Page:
The Coroner’s Lunch is the first in the series of Colin Cotterill’s crime novels set in the 1970s in the Laos People’s Democratic Republic after the communist takeover and featuring the elderly and reluctant Dr Siri Paiboun as the crime-solving State Coroner, who is left cryptic clues by the spirits of the murder victims on his dissection table, who visit him in his dreams. This is a rather gentle and wittily written crime novel and the reader is spared much of the bleakness of much contemporary crime fiction. In tone it is not dissimilar to the writing of Andrea Camilleri and, in the same way, the novel is also heavily laden with political satire. I found myself chuckling along as I read it.
Those in power are, at best, portrayed as benign, but incompetent, and at worst as corrupt, murderous thugs. Siri and his team find themselves not only up against solving the crime (with little but outdated equipment and a French pathology manual at his disposal), but also against the sheer stupidity of the political elite. The tension that drives the narrative (and the satire), therefore, is that between the gentle, educated, liberal and Westernised Siri and a political system that seems to be no better than the one it replaced.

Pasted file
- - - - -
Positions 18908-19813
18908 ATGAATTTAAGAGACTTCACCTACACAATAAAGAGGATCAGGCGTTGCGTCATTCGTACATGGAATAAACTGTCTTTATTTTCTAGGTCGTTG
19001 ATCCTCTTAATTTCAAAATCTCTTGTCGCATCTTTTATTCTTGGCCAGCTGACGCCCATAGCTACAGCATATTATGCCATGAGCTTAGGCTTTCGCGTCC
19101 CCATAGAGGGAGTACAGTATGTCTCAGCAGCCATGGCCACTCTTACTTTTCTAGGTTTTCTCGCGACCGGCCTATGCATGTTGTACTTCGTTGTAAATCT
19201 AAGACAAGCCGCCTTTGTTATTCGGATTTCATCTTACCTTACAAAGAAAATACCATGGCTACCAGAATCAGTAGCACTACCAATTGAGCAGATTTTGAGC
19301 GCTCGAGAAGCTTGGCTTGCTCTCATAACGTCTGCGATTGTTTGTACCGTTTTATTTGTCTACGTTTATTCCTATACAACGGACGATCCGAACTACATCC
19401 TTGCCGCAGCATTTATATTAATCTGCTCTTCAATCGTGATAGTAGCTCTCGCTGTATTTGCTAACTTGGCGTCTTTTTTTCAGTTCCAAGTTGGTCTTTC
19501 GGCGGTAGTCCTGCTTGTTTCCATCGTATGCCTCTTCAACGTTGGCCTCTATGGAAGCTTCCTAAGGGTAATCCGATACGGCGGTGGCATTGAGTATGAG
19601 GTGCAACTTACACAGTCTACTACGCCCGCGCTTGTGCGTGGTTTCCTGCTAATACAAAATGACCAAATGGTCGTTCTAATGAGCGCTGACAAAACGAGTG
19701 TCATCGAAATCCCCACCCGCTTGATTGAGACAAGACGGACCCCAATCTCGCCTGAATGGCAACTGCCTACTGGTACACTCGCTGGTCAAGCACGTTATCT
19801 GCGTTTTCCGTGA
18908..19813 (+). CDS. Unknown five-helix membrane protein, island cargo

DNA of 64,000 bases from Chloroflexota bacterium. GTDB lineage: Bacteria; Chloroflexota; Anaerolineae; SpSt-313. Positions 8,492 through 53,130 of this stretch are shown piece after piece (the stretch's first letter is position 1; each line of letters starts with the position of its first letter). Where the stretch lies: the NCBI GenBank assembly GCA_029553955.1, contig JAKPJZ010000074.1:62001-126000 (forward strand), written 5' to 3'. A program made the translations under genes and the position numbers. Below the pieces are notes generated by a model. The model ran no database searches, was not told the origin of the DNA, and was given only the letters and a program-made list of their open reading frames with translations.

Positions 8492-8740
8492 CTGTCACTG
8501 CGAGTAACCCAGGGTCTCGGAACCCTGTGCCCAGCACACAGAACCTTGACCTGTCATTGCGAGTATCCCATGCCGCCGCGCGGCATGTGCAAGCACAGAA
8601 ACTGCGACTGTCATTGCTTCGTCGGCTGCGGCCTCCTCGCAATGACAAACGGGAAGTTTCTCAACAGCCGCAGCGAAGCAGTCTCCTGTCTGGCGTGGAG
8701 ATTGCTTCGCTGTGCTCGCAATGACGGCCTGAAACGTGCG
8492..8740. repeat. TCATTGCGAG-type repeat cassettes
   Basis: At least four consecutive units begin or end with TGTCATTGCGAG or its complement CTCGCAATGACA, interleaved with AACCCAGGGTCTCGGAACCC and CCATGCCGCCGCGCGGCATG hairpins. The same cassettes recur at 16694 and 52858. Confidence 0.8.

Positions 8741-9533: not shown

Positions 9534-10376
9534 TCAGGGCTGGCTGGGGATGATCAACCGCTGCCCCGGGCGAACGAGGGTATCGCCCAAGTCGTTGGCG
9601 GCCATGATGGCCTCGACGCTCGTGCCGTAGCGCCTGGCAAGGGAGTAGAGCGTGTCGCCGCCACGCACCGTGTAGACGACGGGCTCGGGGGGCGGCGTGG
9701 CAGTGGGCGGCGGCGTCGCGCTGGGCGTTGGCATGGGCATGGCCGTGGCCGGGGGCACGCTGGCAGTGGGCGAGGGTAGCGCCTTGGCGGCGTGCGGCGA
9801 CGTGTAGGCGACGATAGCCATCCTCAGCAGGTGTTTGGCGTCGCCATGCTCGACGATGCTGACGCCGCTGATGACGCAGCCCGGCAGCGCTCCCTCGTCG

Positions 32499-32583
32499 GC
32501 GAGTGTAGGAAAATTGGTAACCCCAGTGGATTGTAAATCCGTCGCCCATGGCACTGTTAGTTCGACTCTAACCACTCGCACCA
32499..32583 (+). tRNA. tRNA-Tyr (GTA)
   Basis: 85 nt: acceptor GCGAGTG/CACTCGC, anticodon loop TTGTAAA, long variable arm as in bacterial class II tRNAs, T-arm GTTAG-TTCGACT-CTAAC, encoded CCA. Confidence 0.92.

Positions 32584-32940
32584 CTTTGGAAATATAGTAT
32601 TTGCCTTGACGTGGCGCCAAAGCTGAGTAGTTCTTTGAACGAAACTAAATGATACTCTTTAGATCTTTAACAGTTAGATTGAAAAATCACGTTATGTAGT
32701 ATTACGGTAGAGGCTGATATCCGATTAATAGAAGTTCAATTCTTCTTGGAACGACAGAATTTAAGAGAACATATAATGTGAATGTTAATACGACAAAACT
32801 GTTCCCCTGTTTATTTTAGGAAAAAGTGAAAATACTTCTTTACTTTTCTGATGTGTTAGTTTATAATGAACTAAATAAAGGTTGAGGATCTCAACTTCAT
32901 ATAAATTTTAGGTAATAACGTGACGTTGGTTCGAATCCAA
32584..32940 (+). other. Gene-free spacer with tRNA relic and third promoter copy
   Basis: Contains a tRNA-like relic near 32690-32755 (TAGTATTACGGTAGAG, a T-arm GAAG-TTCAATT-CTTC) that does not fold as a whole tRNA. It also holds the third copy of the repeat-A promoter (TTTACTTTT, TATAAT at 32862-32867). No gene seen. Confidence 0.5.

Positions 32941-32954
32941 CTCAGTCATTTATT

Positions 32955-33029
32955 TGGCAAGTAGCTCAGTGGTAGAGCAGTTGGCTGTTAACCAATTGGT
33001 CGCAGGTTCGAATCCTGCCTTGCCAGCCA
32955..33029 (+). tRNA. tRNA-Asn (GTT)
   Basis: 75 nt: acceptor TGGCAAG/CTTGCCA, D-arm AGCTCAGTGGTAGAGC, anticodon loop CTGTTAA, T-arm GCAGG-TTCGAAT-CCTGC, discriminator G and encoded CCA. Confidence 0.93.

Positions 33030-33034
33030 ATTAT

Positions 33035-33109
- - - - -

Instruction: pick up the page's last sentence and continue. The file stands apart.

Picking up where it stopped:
As such, Cotterill’s books might easily be criticised as colonial writing, but what ultimately saves it from this is that Siri himself is a communist, who has spent much of his life working as a doctor in the Revolutionary Army. This is no criticism of communism per se, but of the frailty of human beings, the seduction of power and a dogmatic approach to politics. Cotterill himself has spent much of his life as a teacher in Laos and Thailand (where he now lives) and this novel is brimful of affection for (and knowledge of) the country, its people and its culture.